A week on the Bradford Tyre Fire still smoulders – questions are being asked about urban storage
Bradford Tyre Fire Update
Tyre fires come and they go. Normally they are consigned to history a week or two after the flames are out – the clear up operation never attracts anywhere as much interest in the news.
However, the impact of the Bradford fire, on a site not too far from the city centre caused huge disruption to traffic, to railway scheduling and with up to 20 schools having to be closed, not to mention the costs to businesses and harm to homeowners.
The Environment Agency is investigating the site – which they had been alerted to earlier in the year. Two arrests have been made in connection to the site.
However, as the fire continues to burn after almost a full week, there have been calls for action.
Bradford Trident, a community organisation, which works with residents and businesses in the Little Horton area of Bradford, said it was “shocked” by the ongoing fire.
A spokesman said; “The ongoing fire on Upper Castle Street has come as a shock to Bradford Trident.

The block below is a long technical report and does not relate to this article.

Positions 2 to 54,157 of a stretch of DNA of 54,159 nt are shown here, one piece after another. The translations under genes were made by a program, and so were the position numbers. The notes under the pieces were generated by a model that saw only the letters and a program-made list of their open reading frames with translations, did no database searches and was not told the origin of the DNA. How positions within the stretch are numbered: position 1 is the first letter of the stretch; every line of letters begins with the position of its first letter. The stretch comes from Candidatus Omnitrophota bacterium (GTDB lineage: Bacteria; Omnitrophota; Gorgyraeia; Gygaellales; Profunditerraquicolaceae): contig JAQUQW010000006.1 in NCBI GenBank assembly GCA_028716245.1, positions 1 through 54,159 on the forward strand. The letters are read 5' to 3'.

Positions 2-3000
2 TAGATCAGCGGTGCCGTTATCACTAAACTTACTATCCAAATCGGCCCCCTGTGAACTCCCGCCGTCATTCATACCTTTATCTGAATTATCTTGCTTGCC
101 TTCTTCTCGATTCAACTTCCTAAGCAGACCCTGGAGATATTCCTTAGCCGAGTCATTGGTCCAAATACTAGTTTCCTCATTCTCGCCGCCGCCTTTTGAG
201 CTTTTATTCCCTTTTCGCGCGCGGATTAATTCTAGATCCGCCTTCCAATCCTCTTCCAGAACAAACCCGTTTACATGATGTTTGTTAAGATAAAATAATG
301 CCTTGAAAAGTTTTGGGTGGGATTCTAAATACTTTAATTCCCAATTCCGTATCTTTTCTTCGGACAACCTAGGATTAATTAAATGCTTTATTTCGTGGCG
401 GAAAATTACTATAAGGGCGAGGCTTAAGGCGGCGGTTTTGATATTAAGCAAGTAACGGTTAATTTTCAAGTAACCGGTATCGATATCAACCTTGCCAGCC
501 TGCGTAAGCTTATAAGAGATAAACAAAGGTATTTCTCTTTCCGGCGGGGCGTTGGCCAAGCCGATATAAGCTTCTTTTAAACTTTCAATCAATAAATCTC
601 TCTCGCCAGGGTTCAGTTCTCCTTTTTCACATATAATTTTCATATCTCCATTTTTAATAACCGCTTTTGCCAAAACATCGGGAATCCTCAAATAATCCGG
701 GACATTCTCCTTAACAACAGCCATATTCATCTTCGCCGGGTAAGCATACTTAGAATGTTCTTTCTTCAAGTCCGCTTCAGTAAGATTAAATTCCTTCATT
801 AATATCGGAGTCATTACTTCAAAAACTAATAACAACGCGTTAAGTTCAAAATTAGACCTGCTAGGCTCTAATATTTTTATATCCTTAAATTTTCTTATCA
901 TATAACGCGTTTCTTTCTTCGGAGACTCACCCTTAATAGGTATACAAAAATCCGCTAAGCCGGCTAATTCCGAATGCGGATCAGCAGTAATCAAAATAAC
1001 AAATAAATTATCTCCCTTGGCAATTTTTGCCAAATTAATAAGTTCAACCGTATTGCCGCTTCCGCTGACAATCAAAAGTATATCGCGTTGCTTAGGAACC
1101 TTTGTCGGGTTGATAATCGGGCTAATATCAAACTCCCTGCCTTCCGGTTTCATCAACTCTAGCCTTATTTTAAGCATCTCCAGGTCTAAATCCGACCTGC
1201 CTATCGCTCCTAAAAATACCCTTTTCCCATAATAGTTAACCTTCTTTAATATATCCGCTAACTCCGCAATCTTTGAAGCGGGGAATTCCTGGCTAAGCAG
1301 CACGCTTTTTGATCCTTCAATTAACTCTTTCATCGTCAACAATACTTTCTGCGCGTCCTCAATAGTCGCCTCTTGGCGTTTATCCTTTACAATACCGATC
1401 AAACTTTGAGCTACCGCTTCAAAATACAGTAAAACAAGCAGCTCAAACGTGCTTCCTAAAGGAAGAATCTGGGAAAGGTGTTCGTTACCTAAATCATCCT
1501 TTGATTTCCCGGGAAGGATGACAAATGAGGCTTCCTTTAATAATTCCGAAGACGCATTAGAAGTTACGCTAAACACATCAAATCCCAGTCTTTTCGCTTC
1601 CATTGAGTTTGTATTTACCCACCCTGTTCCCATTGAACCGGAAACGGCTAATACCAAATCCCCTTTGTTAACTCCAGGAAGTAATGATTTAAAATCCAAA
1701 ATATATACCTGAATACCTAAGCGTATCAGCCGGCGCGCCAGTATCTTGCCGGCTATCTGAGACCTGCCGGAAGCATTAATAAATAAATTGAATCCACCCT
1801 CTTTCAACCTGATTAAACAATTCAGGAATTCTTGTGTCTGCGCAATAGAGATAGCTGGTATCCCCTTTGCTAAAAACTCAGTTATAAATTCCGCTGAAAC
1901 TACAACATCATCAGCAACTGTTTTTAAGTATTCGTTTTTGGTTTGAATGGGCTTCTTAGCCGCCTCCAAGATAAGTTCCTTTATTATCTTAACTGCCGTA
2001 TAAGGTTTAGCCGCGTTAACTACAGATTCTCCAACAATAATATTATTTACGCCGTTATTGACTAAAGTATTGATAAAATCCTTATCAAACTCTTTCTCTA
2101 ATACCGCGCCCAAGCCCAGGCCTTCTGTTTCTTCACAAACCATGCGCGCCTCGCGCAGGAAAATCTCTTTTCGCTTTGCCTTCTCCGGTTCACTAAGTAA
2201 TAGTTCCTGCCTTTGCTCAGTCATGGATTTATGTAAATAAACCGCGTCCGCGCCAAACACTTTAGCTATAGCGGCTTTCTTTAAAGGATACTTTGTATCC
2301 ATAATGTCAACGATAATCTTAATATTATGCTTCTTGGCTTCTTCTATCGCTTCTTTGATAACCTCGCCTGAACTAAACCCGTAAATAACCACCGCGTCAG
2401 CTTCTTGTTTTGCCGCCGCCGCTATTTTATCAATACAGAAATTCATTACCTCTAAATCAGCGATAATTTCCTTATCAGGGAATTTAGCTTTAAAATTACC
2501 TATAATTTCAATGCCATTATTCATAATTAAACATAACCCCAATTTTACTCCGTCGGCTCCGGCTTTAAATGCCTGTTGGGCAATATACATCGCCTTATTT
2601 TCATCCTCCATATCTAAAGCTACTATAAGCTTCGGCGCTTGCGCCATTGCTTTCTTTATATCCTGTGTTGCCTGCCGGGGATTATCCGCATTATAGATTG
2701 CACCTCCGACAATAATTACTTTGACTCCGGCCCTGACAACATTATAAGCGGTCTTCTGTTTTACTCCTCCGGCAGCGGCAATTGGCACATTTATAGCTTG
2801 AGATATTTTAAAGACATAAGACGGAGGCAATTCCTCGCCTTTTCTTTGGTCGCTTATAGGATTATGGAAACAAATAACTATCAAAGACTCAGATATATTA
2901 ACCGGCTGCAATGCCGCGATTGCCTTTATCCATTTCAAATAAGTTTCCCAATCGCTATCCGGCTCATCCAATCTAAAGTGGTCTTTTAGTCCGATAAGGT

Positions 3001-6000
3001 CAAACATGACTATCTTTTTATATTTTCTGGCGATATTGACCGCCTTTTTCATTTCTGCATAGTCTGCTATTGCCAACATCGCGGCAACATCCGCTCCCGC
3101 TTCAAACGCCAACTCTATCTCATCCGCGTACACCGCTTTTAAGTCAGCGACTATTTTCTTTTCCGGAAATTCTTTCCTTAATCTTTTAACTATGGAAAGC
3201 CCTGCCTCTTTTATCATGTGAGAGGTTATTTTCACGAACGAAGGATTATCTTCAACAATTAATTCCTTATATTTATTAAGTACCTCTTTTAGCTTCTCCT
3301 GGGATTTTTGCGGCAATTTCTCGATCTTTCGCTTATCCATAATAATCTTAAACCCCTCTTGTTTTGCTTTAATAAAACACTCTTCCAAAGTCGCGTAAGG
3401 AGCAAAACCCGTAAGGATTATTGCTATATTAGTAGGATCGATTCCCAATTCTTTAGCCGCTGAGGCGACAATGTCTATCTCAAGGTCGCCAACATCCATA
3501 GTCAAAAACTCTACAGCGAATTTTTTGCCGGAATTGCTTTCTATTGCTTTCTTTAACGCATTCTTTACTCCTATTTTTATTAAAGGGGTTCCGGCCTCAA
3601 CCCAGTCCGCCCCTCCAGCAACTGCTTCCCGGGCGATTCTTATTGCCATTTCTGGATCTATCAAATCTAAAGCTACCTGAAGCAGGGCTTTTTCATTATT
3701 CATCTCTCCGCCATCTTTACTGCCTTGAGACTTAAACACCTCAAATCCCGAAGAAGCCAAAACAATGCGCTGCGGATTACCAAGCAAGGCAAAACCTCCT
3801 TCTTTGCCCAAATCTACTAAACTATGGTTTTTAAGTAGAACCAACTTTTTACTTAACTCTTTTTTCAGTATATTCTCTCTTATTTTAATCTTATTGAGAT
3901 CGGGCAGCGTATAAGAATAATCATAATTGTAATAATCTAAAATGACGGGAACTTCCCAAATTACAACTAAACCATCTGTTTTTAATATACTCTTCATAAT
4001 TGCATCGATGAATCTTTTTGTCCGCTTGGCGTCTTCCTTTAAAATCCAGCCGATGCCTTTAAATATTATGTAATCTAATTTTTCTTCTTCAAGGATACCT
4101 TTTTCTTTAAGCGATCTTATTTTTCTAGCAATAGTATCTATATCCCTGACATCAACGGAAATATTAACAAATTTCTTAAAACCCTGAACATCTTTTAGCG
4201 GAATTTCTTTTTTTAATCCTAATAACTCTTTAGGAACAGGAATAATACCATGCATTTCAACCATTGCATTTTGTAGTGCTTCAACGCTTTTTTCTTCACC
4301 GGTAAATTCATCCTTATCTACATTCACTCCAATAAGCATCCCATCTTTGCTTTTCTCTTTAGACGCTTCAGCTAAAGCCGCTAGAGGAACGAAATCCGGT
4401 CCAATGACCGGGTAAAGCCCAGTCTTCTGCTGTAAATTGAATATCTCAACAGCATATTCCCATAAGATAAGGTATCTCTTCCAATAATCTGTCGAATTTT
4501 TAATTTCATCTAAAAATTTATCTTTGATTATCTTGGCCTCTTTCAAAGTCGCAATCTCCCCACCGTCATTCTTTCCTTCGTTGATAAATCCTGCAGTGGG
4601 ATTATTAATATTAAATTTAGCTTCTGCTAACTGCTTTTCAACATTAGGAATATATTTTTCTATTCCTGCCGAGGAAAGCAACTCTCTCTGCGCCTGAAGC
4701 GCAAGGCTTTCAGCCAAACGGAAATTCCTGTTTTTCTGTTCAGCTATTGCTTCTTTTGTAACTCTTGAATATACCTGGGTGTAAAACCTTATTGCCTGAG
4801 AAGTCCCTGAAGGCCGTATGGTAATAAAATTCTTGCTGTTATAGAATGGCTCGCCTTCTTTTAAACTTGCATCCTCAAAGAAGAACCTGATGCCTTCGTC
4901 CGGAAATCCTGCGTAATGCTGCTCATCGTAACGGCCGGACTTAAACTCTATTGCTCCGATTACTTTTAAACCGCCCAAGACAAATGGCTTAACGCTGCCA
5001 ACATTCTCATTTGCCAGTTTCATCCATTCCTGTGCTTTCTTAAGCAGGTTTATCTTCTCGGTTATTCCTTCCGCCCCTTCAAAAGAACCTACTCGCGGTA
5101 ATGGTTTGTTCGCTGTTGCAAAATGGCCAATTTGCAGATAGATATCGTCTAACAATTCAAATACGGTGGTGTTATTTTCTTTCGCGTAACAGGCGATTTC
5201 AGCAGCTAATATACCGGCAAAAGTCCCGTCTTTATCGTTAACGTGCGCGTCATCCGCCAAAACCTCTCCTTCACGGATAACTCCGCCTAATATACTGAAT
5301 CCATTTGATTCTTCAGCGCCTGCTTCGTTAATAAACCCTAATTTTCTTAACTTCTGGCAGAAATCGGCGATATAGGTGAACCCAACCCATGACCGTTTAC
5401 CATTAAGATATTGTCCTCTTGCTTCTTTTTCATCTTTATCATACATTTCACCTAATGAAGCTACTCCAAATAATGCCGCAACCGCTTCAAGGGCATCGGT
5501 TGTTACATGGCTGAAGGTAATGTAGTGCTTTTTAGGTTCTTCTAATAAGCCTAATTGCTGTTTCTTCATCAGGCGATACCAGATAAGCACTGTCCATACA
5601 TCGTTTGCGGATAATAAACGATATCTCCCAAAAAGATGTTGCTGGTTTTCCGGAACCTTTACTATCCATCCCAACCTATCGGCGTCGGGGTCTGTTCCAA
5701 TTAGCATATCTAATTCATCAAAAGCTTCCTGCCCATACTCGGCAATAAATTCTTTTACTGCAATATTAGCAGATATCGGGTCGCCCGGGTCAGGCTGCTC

“We are firm believers that there should be no tyre stores in urban areas for this exact reason.
“We have managed to keep both our Park Lane Centre and Mayfield Centre open and are on stand-by to provide shelter should a housing evacuation be required, though as time passes this looks less likely.”
Taj Salam, chairman of Trustees at Bradford Trident, said: “Going forward we need to ensure an incident like this does not happen again.
“We will be working closely with the local authorities to put measures in place to keep our community safe.”
Some of the schools affected are a mile or more away from the fire, which started in the early hours of Monday, November 16.
Several businesses near the fire were forced to close due to being inside the police cordon. One business owner put his losses at £10,000.
Peter Taylor at the Tyre Recovery Association was sanguine about the fire, saying that it was yet another preventable incident. “There are rules and regulations for tyre storage and recycling, but rules need enforcing. The EA do a lot of work to bring people up to standard, but the issue is still that retailers move on end of life tyres without a duty of care being exercised. As well as enforcement at these illegal sites, we need to see some retailers being fined for their part in this trade,” said Taylor.